He immediately started for home to reunite with his family and ensure they were safe. The mini bus he boarded only made it about 15 minutes before severe flooding halted their journey. Albano began walking the 15 kilometers to Nhamatanda, wading through water which was a times nearly 1.5 meters high. In Nhamatanda, he was able to catch a motor taxi to Metuchira. When he arrived, he found that the flooding was less severe than the area where he had come from, but nearly everything in town was destroyed, including his house. Strong winds had ripped away the roofs of many homes. And since most homes are constructed from sticks, bamboo and mud, they had simply washed away in the heavy rains. Everything in the town was destroyed, including his own house.
Albano found his family sheltering at the local community leader’s home. Not wanting to further impose, he went out and gathered whatever he could find – sticks, scattered metal, and nails – in order to build a temporary structure for his family. He dug holes for the sticks, and nailed on metal roofing sheets as walls and a roof. His family is living here until he is able to rebuild his permanent home.
For the three days after the storm food was very scarce, but Albano had two bags of corn from his family visit. After 3 days, the distribution of food by NGOs began in the village, including a bag of rice every 15 days. As time went on people began to work to regain normalcy, cleaning up debris, tending the fields, and rebuilding homes.
Albano saves the money he earns as a mason in order to buy bricks and roofing sheets with a goal of building a new house. He not only works tirelessly each day, but always has a smile. He loves meeting people from all over the world and sharing stories so that they can learn about each other. He is proud to use the skills he has learned from his time building the Julius school, in order to build his own home and help others to do the same. ❤️
Unfortunately, with just a few weeks left to go before these schools were scheduled for completion, it became necessary to recall all volunteers and suspend the collaboration due to the COVID-19 pandemic. While disappointing, safety always is paramount and I’m still proud to have contributed and made a difference in this community. The local masons, true to form, have been working hard and today the schools are nearly complete. It’s just a matter of time before 600 students per day get the chance to continue their quest for knowledge in these buildings.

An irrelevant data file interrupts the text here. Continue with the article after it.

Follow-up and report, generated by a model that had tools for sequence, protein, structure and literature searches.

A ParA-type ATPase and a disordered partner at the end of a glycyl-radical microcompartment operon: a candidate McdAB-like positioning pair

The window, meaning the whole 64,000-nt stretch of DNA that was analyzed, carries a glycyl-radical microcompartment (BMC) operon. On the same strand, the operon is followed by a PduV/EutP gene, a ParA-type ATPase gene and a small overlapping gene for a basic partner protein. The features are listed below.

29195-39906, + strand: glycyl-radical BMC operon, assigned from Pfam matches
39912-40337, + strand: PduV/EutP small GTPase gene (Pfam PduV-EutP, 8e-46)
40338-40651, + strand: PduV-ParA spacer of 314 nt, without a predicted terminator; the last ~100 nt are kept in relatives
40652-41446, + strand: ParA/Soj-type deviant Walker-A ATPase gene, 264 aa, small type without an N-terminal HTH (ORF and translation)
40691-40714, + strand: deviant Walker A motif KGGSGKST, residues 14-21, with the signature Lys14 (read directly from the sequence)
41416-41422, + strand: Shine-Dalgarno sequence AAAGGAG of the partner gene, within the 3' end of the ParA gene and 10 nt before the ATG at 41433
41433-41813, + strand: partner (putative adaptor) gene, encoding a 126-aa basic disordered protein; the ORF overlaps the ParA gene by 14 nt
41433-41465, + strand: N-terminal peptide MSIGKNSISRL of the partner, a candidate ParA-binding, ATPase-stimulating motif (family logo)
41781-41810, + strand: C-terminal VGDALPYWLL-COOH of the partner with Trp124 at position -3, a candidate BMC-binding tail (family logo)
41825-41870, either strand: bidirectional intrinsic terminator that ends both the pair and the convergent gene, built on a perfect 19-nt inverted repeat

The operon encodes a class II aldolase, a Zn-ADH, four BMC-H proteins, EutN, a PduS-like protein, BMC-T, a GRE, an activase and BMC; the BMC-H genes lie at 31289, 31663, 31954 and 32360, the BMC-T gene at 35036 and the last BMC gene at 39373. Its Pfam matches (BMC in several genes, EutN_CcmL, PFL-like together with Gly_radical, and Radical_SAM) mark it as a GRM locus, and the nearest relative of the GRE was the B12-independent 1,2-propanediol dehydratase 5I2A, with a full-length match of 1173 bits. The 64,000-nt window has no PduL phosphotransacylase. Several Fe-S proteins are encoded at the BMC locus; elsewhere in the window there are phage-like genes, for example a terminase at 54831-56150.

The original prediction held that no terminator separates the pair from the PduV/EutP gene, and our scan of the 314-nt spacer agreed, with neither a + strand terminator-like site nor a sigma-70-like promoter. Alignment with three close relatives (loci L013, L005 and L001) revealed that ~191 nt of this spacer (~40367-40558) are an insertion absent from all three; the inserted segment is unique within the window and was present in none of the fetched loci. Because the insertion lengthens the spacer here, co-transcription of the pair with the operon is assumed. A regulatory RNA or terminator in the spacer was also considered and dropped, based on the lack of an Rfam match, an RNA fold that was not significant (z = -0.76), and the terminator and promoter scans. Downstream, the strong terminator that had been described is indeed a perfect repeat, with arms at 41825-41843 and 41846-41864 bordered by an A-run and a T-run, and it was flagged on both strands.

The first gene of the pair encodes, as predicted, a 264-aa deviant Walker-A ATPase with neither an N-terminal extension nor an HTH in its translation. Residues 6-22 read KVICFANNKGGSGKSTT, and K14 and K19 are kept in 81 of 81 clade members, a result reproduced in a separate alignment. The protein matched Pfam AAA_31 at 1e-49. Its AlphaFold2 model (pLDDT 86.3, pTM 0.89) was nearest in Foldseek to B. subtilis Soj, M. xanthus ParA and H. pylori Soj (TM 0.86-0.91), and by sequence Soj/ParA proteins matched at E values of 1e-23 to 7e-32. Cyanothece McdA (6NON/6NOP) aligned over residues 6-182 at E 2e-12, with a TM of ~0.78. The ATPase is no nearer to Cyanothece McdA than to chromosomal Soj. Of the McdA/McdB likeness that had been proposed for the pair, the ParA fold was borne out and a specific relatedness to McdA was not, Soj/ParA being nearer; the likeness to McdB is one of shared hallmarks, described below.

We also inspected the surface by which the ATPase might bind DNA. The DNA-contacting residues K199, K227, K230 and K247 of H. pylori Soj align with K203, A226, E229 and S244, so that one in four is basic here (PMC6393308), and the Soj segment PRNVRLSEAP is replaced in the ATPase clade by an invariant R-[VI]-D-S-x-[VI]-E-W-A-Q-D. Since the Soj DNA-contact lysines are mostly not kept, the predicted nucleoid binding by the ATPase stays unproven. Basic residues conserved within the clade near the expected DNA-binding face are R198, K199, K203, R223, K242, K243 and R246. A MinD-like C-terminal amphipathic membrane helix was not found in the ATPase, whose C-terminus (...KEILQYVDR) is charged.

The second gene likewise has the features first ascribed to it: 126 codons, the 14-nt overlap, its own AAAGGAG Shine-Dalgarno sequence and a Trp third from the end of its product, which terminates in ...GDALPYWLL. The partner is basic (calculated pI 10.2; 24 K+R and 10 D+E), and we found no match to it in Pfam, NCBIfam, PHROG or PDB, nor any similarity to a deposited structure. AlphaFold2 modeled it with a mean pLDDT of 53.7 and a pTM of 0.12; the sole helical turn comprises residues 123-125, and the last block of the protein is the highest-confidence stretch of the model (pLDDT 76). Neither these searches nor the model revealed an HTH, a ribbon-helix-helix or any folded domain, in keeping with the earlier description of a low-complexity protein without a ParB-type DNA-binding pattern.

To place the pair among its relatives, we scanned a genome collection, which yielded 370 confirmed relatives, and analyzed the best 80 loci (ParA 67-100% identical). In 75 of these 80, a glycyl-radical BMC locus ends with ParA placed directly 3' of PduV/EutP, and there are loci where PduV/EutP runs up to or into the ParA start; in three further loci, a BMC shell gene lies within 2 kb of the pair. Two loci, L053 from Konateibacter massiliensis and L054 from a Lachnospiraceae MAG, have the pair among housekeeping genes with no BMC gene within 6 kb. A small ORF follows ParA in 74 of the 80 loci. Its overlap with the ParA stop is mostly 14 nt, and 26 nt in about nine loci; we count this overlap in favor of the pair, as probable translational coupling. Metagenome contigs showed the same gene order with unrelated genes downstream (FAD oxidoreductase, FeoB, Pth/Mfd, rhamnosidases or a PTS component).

There is still a great need in the communities in Sofala province. If you are able, please consider a donation to support ongoing work in this area using this link. Every dollar makes a difference.
* This post contains information and photos provided by multiple staff members of All Hands and Hearts Volunteers – Smart Response. Their support and willingness to share is much appreciated!
When I began volunteering with Habitat for Humanity in 2012, it was a fun way to help others, travel, meet new people and get away from the stresses of work. I never could have imagined just how it would change my life! Since that first trip to Eldama Ravine, Kenya SO many volunteering “firsts” have happened for me. Some were significant (like the first time I witnessed and appreciated the real, true, tangible impact of safe, durable shelter on a families life*), some I prefer to forget (the first time I shared an outhouse with 300+ cockroaches!) and some were just plain unexpected (the first time I was offered a mouse kabob). 🙂
It’s now time for another “first” – next week is the first time I’ll be volunteering with a team comprised solely of people to whom I’m related! While I call them all “my cousins”, technically only one of them falls under that title…but it’s close enough to describe how special they all are to me. We are setting off for Sonsonate, El Salvador where we’ll be working as Global Village volunteers for one week with Habitat for Humanity El Salvador.